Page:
Note that regression kinks (or kinked regression) can also mean a type of segmented regression, which is a different type of analysis.

See also[edit]


  1. ^ Thistlethwaite, D.; Campbell, D. (1960). "Regression-Discontinuity Analysis: An alternative to the ex post facto experiment". Journal of Educational Psychology. 51 (6): 309–317. doi:10.1037/h0044319. 
  2. ^ Imbens, G.; Lemieux, T. (2008). "Regression Discontinuity Designs: A Guide to Practice". Journal of Econometrics. 142 (2): 615–635. doi:10.1016/j.jeconom.2007.05.001. 
  3. ^ a b Fan; Gijbels (1996). Local Polynomial Modelling and Its Applications. London: Chapman and Hall. ISBN 0-412-98321-4. 
  4. ^ a b c d Lee; Lemieux (2010). "Regression Discontinuity Designs in Economics". Journal of Economic Literature. 48 (2): 281–355. doi:10.1257/jel.48.2.281. 
  5. ^ Porter (2003). "Estimation in the Regression Discontinuity Model" (PDF). Unpublished Manuscript. 
  6. ^ Duflo (2003). "Grandmothers and Granddaughters: Old-age Pensions and Intrahousehold Allocation in South Africa". World Bank Economic Review. 17 (1): 1–25. doi:10.1093/wber/lhg013. 
  7. ^ a b Carpenter; Dobkin (2011). "The Minimum Legal Drinking Age and Public Health". Journal of Economic Perspectives. 25 (2): 133–156. doi:10.1257/jep.25.2.133. JSTOR 23049457. PMC 3182479Freely accessible. PMID 21595328. 
  8. ^ a b Lee (2008). "Randomized Experiments from Non-random Selection in U.S. House Elections". Journal of Econometrics. 142 (2): 675–697. doi:10.1016/j.jeconom.2007.05.004. 
  9. ^ Moss, B. G.; Yeaton, W. H.; Lloyd, J.E. (2014). "Evaluating the Effectiveness of Developmental Mathematics by Embedding a Randomized Experiment Within a Regression Discontinuity Design.". Educational Evaluation and Policy Analysis. 36 (2): 170–185. doi:10.3102/0162373713504988. 
  10. ^ a b McCrary (2008). "Manipulation of the Running Variable in the Regression Discontinuity Design: A Density Test". Journal of Econometrics. 142 (2): 698–714. doi:10.1016/j.jeconom.2007.05.005.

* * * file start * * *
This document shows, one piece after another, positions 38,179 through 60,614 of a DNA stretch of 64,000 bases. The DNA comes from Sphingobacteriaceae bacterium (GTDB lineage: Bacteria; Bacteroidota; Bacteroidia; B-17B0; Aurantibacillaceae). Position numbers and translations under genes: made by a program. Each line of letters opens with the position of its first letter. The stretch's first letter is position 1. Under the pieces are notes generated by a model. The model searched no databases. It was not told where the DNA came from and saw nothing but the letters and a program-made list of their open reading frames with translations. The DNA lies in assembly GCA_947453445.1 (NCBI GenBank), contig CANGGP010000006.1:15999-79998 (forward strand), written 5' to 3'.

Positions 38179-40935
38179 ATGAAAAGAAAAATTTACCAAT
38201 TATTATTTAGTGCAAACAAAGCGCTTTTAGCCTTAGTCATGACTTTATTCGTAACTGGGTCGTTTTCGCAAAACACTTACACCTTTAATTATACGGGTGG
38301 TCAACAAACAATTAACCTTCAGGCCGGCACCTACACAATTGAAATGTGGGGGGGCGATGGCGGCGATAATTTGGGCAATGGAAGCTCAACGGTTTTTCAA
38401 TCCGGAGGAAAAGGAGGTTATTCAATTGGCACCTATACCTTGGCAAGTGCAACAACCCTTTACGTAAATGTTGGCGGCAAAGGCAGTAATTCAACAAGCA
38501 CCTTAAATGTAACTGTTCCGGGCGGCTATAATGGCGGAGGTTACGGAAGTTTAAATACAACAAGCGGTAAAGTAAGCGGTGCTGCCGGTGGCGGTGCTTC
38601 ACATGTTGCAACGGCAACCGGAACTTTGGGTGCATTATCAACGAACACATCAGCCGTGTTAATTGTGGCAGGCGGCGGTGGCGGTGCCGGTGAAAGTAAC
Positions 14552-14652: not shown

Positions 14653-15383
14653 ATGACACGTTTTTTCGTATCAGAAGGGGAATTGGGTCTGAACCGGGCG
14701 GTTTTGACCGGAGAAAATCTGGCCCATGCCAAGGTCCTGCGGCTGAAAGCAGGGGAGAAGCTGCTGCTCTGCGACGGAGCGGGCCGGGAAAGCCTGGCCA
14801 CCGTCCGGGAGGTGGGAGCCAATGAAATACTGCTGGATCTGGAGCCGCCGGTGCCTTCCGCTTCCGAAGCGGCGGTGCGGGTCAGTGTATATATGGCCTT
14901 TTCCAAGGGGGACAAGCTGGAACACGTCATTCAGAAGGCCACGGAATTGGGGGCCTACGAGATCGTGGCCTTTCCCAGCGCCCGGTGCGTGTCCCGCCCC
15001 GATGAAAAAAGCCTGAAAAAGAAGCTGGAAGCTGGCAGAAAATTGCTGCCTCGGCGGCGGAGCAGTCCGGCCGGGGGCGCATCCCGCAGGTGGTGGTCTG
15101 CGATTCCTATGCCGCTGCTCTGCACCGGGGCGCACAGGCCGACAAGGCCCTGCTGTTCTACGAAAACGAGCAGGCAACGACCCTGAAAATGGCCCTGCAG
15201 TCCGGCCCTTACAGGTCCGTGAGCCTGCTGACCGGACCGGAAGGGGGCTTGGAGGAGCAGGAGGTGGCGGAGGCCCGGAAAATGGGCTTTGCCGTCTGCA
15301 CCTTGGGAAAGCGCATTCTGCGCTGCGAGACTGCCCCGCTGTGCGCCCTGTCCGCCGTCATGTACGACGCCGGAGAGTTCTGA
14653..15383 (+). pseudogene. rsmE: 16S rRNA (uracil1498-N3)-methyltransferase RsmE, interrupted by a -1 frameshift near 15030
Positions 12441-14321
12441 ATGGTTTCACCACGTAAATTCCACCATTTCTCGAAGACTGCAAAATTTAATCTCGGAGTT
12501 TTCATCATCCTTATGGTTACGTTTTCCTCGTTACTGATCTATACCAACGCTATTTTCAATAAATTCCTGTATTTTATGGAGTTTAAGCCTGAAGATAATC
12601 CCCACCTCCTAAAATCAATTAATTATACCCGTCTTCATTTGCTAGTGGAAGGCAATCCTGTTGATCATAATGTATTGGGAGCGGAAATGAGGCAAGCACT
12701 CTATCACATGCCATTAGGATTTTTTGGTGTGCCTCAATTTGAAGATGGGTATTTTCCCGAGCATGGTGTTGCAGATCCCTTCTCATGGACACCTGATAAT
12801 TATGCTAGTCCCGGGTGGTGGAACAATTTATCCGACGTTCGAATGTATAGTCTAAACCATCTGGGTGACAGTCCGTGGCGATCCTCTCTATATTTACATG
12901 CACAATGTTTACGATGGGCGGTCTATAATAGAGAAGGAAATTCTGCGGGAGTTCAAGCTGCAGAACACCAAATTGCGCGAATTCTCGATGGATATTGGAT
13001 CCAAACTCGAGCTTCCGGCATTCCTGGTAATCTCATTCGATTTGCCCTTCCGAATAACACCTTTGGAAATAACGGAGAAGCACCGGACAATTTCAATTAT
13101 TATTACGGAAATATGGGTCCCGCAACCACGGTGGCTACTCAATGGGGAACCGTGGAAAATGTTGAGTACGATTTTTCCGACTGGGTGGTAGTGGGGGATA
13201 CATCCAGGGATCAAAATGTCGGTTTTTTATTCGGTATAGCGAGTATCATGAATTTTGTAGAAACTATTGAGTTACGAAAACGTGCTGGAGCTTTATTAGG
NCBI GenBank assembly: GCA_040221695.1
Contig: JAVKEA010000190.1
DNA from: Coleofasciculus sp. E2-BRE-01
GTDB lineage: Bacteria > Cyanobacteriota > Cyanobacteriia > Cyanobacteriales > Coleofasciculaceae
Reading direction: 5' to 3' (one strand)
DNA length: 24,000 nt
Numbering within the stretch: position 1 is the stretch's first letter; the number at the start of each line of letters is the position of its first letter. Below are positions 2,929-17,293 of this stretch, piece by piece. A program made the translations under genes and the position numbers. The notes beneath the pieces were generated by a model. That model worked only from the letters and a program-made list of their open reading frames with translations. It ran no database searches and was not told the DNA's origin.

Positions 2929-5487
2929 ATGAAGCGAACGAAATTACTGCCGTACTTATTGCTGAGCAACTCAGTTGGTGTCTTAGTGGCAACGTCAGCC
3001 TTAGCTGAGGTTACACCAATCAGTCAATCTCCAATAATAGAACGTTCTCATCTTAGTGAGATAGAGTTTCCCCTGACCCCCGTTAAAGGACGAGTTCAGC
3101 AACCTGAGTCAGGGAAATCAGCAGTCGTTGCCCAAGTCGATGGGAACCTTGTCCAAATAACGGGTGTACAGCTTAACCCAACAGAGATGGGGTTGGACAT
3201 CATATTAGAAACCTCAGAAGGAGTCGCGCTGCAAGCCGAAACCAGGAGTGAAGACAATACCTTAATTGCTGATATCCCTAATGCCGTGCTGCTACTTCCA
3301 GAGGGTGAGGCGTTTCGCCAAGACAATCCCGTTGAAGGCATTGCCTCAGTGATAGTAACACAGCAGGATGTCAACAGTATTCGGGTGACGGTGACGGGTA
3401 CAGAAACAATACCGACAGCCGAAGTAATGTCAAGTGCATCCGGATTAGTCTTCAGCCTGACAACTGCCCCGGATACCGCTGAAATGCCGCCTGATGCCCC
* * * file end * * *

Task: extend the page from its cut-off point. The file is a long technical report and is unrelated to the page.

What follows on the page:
11. ^ a b Lee; Moretti; Butler (2004). "Do Voters Affect or Elect Policies? Evidence from the U.S. House". Quarterly Journal of Economics. 119 (3): 807–859. doi:10.1162/0033553041502153. 
  12. ^ Rubin (1977). "Assignment to Treatment on the Basis of a Covariate". Journal of Educational and Behavioural Statistics. 2 (1): 1–26. doi:10.3102/10769986002001001. 
  13. ^ Shadish, William R.; Clark, M. H.; Steiner, Peter M. (2008). "Can Nonrandomized Experiments Yield Accurate Answers? A Randomized Experiment Comparing Random and Nonrandom Assignments". Journal of the American Statistical Association. 103 (484): 1334. doi:10.1198/016214508000000733. 
  14. ^ Moss, B. G.; Yeaton, W. H.; Lloyd, J. E. (2014). "Evaluating the Effectiveness of Developmental Mathematics by Embedding a Randomized Experiment Within a Regression Discontinuity Design". Educational Evaluation and Policy Analysis. 36 (2): 170–185. doi:10.3102/0162373713504988. 
  15. ^ Nielsen, H. S.; Sørensen, T.; Taber, C. R. (2010). "Estimating the Effect of Student Aid on College Enrollment: Evidence from a Government Grant Policy Reform". American Economic Journal: Economic Policy. 2 (2): 185–215. doi:10.1257/pol.2.2.185. JSTOR 25760068. 
  16. ^ Card, David; Lee, David S.; Pei, Zhuan; Weber, Andrea (2012). "Nonlinear Policy Rules and the Identification and Estimation of Causal Effects in a Generalized Regression Kink Design". NBER Working Paper No. w18564. SSRN 2179402Freely accessible.